if she really is that young, there is a good chance that if she does deliver, it may be only a couple of kittens and they may very well not make it.
that has been my experience with cats having their first litter especially so young.
if you do plan to keep her, call a vet for advice on when she will be able to have vaccinations and get fixed, and any other questions concerns you may have.



posted on Jul, 7 2009 @ 01:45 PM
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reply to post by AccessDenied
 


Oh no! I never even considered that she or the kittens wouldn't survive. Yes, I'm calling the vet right now. That is such a troubling thought it breaks my heart.



posted on Jul, 7 2009 @ 04:08 PM
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Search for "no kill" shelters in your area. Animal Control may suggest something to you. There are a lot of people out there who will foster the mother and the kittens until they can find placement for them. If you're too late and you find yourself delivering the cat's kittens, all you can do is your best and you may not even need to help at all. If they die, then so be it. It's a course of life and to fight that or be sad over it is to disrespect it. You're a human being with a huge heart that stepped in when someone bailed.

Good luck with all this. I've rescued all sorts of animals myself and I know how crazy the whole experience can get when you don't know which way is up, but if there's any advice from my own frantic scenarios is that nature will works it's way, sometimes regardless of how much you help, and I don't mean in a bad way.



posted on Jul, 8 2009 @ 10:39 AM
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Originally posted by Hazelnut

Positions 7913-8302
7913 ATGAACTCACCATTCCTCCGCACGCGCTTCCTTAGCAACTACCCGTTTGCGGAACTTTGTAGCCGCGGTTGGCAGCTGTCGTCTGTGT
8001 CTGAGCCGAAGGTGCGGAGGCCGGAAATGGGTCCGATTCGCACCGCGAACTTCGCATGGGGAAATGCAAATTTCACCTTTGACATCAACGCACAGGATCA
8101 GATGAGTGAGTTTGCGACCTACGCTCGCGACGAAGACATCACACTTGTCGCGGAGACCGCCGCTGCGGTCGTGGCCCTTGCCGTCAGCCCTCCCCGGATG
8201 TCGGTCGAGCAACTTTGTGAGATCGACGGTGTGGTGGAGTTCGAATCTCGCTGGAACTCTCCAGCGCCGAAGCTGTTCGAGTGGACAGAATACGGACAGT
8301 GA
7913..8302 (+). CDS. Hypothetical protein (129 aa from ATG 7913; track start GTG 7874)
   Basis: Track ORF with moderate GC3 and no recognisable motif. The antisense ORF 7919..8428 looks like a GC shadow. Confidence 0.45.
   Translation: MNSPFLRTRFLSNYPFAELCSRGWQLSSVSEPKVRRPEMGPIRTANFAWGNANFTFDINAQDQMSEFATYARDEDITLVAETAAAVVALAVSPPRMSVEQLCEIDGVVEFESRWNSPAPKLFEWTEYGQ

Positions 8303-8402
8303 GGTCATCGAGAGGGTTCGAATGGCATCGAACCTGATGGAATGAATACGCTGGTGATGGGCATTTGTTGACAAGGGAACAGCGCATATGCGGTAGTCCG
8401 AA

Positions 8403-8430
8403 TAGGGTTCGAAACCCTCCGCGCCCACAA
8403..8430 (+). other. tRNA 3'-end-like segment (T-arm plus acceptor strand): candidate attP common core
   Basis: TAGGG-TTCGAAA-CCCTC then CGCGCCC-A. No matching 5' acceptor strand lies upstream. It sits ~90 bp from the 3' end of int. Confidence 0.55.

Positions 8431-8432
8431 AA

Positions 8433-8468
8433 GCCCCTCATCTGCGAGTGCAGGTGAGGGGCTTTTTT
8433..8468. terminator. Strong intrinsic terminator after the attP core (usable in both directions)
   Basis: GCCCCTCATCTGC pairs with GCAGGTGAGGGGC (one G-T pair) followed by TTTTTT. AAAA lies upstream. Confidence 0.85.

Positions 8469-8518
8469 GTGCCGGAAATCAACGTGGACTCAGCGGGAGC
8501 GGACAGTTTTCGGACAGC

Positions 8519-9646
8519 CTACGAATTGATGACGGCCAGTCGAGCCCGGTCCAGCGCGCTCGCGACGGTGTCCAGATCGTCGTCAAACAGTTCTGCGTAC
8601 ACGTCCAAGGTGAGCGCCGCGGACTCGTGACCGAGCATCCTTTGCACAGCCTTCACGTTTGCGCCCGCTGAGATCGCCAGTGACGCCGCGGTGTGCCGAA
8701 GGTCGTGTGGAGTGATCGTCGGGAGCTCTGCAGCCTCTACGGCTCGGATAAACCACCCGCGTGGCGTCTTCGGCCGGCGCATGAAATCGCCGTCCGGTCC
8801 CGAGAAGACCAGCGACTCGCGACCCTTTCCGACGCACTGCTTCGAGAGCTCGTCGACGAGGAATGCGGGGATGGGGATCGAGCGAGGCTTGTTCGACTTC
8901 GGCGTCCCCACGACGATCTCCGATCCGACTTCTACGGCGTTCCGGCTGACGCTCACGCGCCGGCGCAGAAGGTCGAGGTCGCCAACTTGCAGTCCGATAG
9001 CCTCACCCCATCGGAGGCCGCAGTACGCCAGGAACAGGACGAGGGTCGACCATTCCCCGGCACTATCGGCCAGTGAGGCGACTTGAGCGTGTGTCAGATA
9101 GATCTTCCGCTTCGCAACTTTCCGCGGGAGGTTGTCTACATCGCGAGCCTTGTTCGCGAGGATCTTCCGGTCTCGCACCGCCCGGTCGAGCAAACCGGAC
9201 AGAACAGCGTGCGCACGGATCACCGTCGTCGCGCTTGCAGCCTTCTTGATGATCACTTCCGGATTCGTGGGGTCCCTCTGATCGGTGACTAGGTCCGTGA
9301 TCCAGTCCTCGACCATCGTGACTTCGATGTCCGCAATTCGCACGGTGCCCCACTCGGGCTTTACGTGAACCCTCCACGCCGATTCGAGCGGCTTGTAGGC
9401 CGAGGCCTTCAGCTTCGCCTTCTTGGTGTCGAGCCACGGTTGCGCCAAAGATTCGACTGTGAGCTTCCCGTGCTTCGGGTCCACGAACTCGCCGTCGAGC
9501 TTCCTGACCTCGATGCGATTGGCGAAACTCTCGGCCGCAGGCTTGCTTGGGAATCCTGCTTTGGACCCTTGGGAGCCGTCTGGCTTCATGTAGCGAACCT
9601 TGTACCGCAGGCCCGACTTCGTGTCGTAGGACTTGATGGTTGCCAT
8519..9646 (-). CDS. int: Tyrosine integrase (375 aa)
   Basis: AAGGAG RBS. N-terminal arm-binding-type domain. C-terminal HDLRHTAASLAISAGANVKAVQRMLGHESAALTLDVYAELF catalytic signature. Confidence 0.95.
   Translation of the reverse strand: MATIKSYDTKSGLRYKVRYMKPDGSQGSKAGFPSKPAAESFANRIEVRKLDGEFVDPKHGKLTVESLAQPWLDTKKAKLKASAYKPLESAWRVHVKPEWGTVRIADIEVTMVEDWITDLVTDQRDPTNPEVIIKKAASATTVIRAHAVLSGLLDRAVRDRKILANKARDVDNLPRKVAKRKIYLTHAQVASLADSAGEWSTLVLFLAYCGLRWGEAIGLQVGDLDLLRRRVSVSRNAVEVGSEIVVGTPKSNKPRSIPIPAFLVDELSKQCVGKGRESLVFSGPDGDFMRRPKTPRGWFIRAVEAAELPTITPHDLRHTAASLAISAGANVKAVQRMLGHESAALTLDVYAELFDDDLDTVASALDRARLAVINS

Thank you so much for replying! I'm getting nervous here. First of all, she seems like "we" are her new family but I can't be sure someone else in the neighborhood isn't also feeding and sheltering her to some degree. That's a minor problem because if we do (I believe we will) keep her, we want her spayed and vaccinated, registered and tagged. But should we try to put her in a carrier to go to the vet when she is so close to having babies? I'm not sure. It might be ok or she might freak out and never come back. Or I worry too much...


Did you call the vet? Hopefully, they've eased your worries in most departments.

Cats are easily trained by their stomaches, if you want to keep better tabs on her try breaking up meal times...once in the morning and again at 6. Also, if you get extra nice food, she will be even more tempted not to go far...I've only ever met one cat who didn't like tinned Pilchards in Tomato Sauce...it's quite cheap too and rich in lots of good stuff for a mother to be...she will soon be yours if you keep her well fed and warm.



Originally posted by Hazelnut
Second, we have a brand spanking new litter box for her, put her into it a few times only to have her jump back out again and sit at the door like a dog. LOL I guess she knows what she's doing. But what about the kittens? She won't be able to train them in the litter box if SHE doesn't use it, right?